Even for locals who have lived through high energy bills, sweltering nights, and sweaty armpits, summer in Miami remains a rite of passage. However, with plenty of sunblock and proper hydration, even 90-degree days with 100 percent humidity are manageable. Once you’ve chugged enough water to afford a night out with a proper cocktail, you can look south for a little inspiration in your mixed-drink lineup.
Miami isn’t just a hub for incredible cuisine throughout the Americas. Many Latin restaurants are also serving traditional and innovative drinks from throughout the region. Below, have a look at five South American cocktails you should look for the next time you head out.
Pisco Mule at La Mar
In Peru, summer is best battled by downing copious amounts of chilcano. A blend of ginger ale, pisco, lime, and a dash of bitters, this classic cocktail is so popular it has its own weeklong celebration. However, as with everything else on the menu at Gastón Acurio’s acclaimed La Mar, innovation is key. Playing off the classic chilcano, La Mar’s bartenders have created the pisco mule, which uses ginger beer instead of ginger ale, adding a spicy kick that oddly makes the drink even more refreshing. Served in a classic copper mule mug, it's the perfect complement to a cool causa and a classic ceviche.
Pisco Sour at Coya
Aside from the verdant gardens, the modern vintage architecture, and a prime location in the heart of Brickell, one of the most impressive things about Coya is the pisco library located in the main bar. Featuring infusions including jalapeño, pineapple, and even herb varieties, a classic pisco sour is anything but traditional. Working off a 2-1-1 recipe of pisco, simple syrup, and lime juice, with egg white added to create an elegant froth, Coya’s sours can be standard, spicy, or just about anything in between. Ask your bartender what infusions are available so you can create your own special pisco sour.
Caipirinha at Lulu
Do a search for the best caipirinha in Miami, and chances are good you'll discover Lulu. Although this Coconut Grove standard isn't Brazilian and doesn't serve skewers of meat until you say "mother," it does use fresh ingredients. Sit at the bar and you'll find racks of fresh infusions featuring everything from chili-laced tequila to hibiscus cachaça. Dotting the shelves and bottle racks are loads of fresh herbs, which make all the difference in a proper caipirinha. At Lulu, they muddle fresh mint with house-made simple syrups, cachaça, and plenty of fresh lime juice. This is all shaken over large cubes of ice and then served in a pint glass. You'd be hard-pressed to find a better thirst-quencher.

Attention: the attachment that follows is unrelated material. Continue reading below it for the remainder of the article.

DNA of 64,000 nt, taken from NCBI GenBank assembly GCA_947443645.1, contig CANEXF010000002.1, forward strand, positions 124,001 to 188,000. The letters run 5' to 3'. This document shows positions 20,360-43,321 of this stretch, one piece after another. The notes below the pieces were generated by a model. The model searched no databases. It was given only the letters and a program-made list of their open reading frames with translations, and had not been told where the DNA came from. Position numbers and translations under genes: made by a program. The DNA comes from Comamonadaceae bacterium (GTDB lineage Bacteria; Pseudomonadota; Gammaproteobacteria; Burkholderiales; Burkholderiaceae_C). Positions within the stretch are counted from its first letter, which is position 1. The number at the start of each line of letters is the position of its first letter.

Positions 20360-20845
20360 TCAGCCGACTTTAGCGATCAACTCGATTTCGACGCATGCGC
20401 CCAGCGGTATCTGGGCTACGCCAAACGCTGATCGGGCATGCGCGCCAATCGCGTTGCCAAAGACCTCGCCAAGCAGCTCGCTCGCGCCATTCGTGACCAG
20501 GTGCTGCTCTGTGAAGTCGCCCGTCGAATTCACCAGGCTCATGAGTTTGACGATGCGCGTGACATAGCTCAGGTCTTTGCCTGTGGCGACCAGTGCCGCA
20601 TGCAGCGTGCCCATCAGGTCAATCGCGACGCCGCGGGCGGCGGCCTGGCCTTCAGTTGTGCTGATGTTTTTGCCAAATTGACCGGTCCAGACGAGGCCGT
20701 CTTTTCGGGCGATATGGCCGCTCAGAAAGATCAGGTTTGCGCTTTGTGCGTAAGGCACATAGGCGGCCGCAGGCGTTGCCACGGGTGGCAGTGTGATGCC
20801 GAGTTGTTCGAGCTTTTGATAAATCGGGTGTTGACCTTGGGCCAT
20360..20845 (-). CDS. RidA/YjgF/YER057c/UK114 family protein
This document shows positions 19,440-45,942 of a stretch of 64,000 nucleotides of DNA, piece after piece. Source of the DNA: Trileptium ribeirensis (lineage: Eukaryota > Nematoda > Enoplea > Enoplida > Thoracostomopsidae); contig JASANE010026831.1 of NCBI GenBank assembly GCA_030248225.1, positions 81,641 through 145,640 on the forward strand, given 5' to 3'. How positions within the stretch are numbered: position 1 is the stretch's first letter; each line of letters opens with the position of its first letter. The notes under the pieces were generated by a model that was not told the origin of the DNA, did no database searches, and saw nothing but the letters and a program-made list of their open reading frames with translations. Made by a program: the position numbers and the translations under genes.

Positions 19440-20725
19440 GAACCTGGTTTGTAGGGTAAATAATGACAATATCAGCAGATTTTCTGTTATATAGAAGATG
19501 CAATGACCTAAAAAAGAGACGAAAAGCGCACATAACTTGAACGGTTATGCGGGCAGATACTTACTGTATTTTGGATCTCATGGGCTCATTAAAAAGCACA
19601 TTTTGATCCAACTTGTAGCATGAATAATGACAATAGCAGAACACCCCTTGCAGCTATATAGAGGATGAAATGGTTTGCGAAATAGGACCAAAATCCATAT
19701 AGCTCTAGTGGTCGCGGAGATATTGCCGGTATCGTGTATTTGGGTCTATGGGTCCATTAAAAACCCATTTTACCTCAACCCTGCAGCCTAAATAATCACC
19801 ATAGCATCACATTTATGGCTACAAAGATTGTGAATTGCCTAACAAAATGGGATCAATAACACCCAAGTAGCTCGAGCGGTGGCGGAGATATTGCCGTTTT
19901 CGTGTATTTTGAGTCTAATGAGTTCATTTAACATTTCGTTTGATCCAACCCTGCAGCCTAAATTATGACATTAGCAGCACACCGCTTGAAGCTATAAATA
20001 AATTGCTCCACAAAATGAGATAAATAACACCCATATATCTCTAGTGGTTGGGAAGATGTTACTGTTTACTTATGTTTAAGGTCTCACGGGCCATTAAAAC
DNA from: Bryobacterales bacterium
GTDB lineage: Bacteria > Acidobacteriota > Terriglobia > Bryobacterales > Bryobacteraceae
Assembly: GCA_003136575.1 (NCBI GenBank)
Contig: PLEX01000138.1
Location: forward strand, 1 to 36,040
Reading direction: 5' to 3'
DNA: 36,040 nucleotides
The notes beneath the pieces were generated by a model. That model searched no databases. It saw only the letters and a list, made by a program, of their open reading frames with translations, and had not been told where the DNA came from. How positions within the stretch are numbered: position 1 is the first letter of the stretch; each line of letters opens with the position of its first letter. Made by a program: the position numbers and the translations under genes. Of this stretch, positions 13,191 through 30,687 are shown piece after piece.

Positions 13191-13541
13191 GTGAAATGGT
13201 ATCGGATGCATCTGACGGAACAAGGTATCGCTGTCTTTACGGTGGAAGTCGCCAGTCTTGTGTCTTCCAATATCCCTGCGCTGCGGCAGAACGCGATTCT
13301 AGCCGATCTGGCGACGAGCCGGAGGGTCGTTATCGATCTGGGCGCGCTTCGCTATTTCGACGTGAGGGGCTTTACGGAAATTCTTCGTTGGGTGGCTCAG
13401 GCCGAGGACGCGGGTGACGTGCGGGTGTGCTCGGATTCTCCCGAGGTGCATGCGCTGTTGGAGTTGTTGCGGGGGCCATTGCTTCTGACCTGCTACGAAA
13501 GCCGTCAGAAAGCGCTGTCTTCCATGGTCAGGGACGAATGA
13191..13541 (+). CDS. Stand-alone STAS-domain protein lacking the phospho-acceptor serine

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Chuflay at Las Americas
Pisco may be enjoying a surge in popularity throughout the States, but Bolivia’s national spirit, Singani, also made by distilling grapes, remains elusive. After friends turned him on to the spirit some years ago, filmmaker Steven Soderbergh began importing from Bolivian producer Casa Real under the name Singani 63. Celebrity endorsement aside, the drink has remained virtually unknown in the U.S. However, at the slow-to-reopen Las Americas (2772 SW Eighth St.) on the western reaches of Calle Ocho, they’ve got bottles of Casa Real in stock, and they’re ready to pour chuflays. Similar to Peru’s chilcano, the chuflay is a shot of Singani with ginger ale or lemon-lime soda, plus a wedge of lime and sometimes a dash of bitters. Whenever you’re on Calle Ocho, head to Las Americas for a classic Bolivian cocktail, and order a salteña too.
Negroni at the Vagabond Restaurant
Since opening earlier this year, the Vagabond has quickly become a Miami favorite and a pioneering restaurant in the resurgence of the MiMo District along Biscayne Boulevard. Classic isn’t necessarily on this menu, which features an original list of cocktails that pair nicely with Alex Chang’s innovative cuisine. However, the skillful bartenders behind the original creations also know how to mix up a classic Argentine favorite, the Negroni. Combining equal parts gin, campari, and sweet vermouth, with an orange rind garnish, this classic may have its roots in Italy, but it's beloved in the southern reaches of South America. After you’ve had a tour of the Vagabond’s house creations, end your night with what many would call the national cocktail of Argentina.